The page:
Allen, John L. "The Canadian Fur Trade and the Exploration of Western North America, 1797–1851." In North American Exploration. Edited by John Logan Allen. Vol. 3: A Continent Comprehended. Lincoln: University of Nebraska Press, 1997.
Gibson, James R. "The Exploration of the Pacific Coast." In North American Exploration. Edited by John Logan Allen. Vol. 2: A Continent Defined. Lincoln: University of Nebraska Press, 1997.
Meinig, D. W. The Great Columbia Plain: A Historical Geography, 1805–1910. Seattle: University of Washington Press, 1968. Reissued in 1995 with a forward by William Cronon and new preface from the author.
See alsoColumbia River Treaty ; Exploration of America, Early ; Explorations and Expeditions: British, Spanish, U.S. ; Geological Survey, U.S. ; Geophysical Explorations ; Lewis and Clark Expedition ; Oregon Trail ; Oregon Treaty of 1846 ; Vancouver Explorations ; Western Exploration .
Columbia (river, Canada and the United States)
Columbia, river, c.1,210 mi (1,950 km) long, rising in Columbia Lake, SE British Columbia, Canada. It flows first NW in the Rocky Mt. Trench, then hooks sharply about the Selkirk Mts. to flow S through Upper Arrow Lake and Lower Arrow Lake and receive the Kootenai River (spelled Kootenay in Canada) before entering the United States after a course of 465 mi (748 km). It continues S through Washington and just below the mouth of the Spokane River is forced by lava beds to make a great bend westward before veering south again, running the while entrenched in a narrow valley through the Columbia Plateau. Its chief tributary, the Snake River, joins it just before it turns west again. The Columbia then forms part of the Washington-Oregon border before entering the Pacific Ocean through a wide estuary W of Portland, Oreg.
The Columbia River has created regal gorges by cutting through the Cascades and the Coast Ranges; it is fed by the Cowlitz and Willamette rivers, which drain the Puget trough between those ranges. Grand Coulee, now a reservoir in the Columbia basin project, was a former stream channel of the Columbia River. It was created during the last ice age when the Columbia's course was blocked by ice, forcing it to cut a new channel through the Columbia Plateau. When the ice receded the river resumed its former channel.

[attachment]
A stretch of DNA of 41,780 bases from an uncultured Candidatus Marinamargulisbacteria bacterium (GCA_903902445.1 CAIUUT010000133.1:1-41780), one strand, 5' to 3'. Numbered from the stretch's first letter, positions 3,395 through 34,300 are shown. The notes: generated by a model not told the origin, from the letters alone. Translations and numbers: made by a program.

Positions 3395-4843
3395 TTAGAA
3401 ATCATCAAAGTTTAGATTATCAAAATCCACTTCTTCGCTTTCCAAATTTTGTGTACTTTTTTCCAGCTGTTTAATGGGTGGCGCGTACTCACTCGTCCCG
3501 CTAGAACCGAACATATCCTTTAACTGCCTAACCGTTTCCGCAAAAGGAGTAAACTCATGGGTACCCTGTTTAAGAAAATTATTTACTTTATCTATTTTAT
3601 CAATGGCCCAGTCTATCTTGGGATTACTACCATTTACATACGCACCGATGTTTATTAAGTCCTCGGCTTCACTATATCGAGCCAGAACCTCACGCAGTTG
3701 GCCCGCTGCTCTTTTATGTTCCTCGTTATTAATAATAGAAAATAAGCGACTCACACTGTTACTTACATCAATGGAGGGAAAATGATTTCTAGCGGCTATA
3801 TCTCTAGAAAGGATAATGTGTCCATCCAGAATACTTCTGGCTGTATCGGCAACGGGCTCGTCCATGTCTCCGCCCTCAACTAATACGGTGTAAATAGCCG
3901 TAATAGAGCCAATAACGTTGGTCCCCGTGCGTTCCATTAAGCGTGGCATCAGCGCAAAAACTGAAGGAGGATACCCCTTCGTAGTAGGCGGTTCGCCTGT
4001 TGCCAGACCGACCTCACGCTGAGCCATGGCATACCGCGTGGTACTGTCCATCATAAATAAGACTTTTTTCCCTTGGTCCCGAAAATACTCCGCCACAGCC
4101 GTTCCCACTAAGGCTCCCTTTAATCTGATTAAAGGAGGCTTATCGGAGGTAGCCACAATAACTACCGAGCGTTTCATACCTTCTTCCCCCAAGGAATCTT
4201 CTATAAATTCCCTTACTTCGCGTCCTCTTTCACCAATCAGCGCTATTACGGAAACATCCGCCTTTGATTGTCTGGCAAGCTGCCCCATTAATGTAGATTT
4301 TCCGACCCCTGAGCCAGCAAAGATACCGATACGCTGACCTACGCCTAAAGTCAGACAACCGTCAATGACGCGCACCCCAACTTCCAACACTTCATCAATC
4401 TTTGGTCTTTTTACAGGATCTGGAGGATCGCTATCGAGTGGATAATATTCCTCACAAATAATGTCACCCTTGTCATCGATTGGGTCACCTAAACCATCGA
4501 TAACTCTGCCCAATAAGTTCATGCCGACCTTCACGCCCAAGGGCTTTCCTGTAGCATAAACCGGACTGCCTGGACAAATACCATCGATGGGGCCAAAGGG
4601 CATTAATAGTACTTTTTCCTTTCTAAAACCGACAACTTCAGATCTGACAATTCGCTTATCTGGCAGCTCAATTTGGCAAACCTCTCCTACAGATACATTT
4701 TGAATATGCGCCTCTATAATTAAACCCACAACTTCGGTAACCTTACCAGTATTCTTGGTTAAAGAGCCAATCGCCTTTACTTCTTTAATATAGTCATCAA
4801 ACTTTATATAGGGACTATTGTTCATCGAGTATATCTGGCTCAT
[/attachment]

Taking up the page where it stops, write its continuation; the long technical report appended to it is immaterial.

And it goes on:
Settlement and Human Impact
The Columbia River, commanding one of the great drainage basins of North America (c.259,000 sq mi/670,800 sq km), was visited by Robert Gray, an American explorer, in 1792 and is named for his vessel, the Columbia. It was entered by a British naval officer, William R. Broughton, later the same year. Long before this time Native Americans were fishing salmon from the river; today fish are still caught there, but heavy settlement along the river and its tributaries, the construction of dams, and human use have reduced the salmon runs.
The first whites to arrive overland were the members of the Lewis and Clark expedition and the fur traders (notably David Thompson of the North West Company and the founders of Astoria). The river was the focus of the American settlement that created Oregon, and the river was itself sometimes called the Oregon River or the River of the West. Irrigation was begun early, and some tributaries were used to water cropland and orchards, as in the valleys of the Wenatchee and Yakima rivers.
After 1932 plans gradually developed to use the Columbia River to its ultimate possibility, and the Columbia basin project was established. Its purpose is to establish flood control, which would alleviate the destruction seen in the Columbia's greatest flood, that of 1894, and somewhat lesser but damaging floods, such as that of 1948; to improve navigation; to extend irrigation in order to make optimum use of the water of the Columbia and its tributaries; and to produce hydroelectric power to supply the Pacific Northwest.
There are six federal and five nonfederal dams on the Columbia River. Grand Coulee Dam (the key unit of the Columbia basin project) and Chief Joseph Dam, on the river's upper course, provide power, flood control, and irrigation. Priest Rapids, Wanapum, Rock Island, Rocky Reaches, and Wells dams are on the middle course; all are among the largest nonfederal hydroelectric facilities in the United States. Bonneville, The Dalles, John Day, and McNary dams, on the lower course, were designed as power, flood control, and navigation projects; these dams provide a 328-mi (528-km) slack-water navigation channel up the Columbia River from the Pacific Ocean to the Snake River. With these federal projects and nonfederal dams on the Columbia, hydroelectric plants on the river have a potential generating capacity of about 21 million kW. The development of hydroelectric power has had a significant effect on the economic pattern of the Pacific Northwest.
See J. V. Krutilla, The Columbia River Treaty; The Economics of an International River Basin Development (1967); J. E. Allen and M. Burns, Cataclysms of the Columbia (1987); W. Dietrich, The Great Columbia River (1995); R. White, The Organic Machine (1995).
Columbia River Treaty
COLUMBIA RIVER TREATY
COLUMBIA RIVER TREATY, a waterpower and water storage agreement between the United States and Canada to run for sixty years, signed in Washington, D.C., on 17 January 1961 and ratified by both nations. Under the terms of the treaty, the United States completed construction of the Libby Dam on the Kootenay branch of the Columbia River (northern Montana), and Canada built dams at Arrow Lake, Duncan Lake, Lower Bonnington, and Mica Creek in British Columbia. Water-power and water storage developments supply hydroelectric power to the states of Washington, Oregon, Idaho, and Montana and also to the provinces of British Columbia and Alberta.
Craig, Gerald M. The United States and Canada. Cambridge, Mass.: Harvard University Press, 1968.
Martin, Lawrence. The Presidents and the Prime Ministers: Washington and Ottawa Face to Face: The Myth of Bilateral Bliss, 1867–1982. Toronto and Garden City, N.Y.: Double day, 1982.
Thomas RobsonHay/a. g.